Rankin House – Ripley, OH

During the Christmas holiday, my husband and I drove to Cincinnati, OH to visit family. Since I was unable to visit the Rankin House during my last trip in October 2010, I decided to trek the hour drive to Ripley, OH and visit the home on Liberty Hill.

Rankin House

From my readings, I had been able to imagine the house, on the Ohio River and the Kentucky bank. I saw sketches of the house and visited websites¹ and links to the Rankin house. What I was not prepared for was 1) how small the house actually is and, 2) how far away the house is from the Ohio River. (At least 100 wooden steps once you were past the path from the river.) Located on Liberty Hill, the house sheltered 2000 fugitive slaves making their way to freedom in Canada and was “a beckoning symbol of freedom that could be seen for many miles along the river.”²

The river was much narrower then – approximately 150 yards compared to the over 600 yards (p.214) from the Kentucky bank to the Ripley, Ohio bank. This was due to dredging of the river in the late 1800s and early 1900s as well as the lock and dam system put in place for the boat commerce.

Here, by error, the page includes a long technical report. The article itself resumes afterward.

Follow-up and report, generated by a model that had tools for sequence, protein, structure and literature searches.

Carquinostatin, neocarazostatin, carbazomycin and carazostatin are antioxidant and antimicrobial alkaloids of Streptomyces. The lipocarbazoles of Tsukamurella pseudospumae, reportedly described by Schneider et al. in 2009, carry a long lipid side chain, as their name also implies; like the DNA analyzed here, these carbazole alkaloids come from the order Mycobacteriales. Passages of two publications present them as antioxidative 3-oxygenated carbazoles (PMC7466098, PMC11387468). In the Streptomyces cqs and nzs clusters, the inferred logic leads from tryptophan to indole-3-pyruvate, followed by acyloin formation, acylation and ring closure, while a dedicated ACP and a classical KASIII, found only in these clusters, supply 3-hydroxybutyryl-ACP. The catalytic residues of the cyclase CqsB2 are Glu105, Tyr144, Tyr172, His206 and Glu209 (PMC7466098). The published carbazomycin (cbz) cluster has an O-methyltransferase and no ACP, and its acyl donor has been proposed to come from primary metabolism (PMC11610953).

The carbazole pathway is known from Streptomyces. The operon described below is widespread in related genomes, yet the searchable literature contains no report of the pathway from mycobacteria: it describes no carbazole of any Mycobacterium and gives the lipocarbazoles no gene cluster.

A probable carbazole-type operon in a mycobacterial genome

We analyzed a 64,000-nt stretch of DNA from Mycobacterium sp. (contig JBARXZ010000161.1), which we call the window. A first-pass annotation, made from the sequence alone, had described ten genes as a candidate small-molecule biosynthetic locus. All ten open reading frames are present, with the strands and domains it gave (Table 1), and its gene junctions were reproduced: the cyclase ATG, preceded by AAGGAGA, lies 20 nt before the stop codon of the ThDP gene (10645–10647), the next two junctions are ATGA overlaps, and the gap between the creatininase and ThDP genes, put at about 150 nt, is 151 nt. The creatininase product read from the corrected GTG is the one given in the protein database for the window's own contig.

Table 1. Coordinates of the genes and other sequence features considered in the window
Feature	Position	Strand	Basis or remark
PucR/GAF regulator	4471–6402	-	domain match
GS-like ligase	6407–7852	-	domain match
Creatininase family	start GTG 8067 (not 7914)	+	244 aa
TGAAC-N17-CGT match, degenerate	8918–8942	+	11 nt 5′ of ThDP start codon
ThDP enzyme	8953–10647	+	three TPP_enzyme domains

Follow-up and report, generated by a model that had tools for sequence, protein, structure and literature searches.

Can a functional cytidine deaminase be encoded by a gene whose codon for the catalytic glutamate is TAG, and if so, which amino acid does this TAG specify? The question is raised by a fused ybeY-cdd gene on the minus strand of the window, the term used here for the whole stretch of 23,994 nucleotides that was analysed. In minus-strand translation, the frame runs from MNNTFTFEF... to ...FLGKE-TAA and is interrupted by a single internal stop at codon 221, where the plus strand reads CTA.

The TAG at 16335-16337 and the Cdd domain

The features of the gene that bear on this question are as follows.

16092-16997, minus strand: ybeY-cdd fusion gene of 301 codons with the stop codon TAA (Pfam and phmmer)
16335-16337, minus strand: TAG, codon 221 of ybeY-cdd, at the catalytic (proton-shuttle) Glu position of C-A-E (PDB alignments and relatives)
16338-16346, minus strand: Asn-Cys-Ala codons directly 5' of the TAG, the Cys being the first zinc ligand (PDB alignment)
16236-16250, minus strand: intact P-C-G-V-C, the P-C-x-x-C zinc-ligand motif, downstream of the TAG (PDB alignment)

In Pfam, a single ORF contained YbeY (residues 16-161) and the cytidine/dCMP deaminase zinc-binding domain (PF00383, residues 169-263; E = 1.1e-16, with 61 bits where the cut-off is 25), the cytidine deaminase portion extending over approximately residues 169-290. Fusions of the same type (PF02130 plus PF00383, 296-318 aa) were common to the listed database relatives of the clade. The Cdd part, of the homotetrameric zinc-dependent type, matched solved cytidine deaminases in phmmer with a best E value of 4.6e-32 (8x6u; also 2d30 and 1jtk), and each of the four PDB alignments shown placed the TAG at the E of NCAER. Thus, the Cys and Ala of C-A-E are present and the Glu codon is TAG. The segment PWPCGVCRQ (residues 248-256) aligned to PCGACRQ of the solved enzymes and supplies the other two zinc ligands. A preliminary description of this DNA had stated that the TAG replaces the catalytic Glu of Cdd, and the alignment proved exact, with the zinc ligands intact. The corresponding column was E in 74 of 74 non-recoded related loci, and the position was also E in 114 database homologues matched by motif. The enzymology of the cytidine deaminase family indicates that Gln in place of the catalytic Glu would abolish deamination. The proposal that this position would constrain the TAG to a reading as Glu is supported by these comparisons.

View from river (telephoto lens)

As a Presbyterian minister, Rankin’s sermons “reiterated three basic principles: that all men were created equal, that God had ‘made of one blood all nations of men,’ and that every man ought to either do his own work or pay the man who does it for him.” (p.192) Although he never personally helped advance the fugitive slaves as a conductor (p. 207) (his sons generally did that), he was instrumental in developing three pillars of the Underground Railroad. The first consisted of antislavery Presbyterian ministers, the second included politicized white abolitionists (Ohio Anti-Slavery Society) and African-Americans were the third pillar. (p198-199)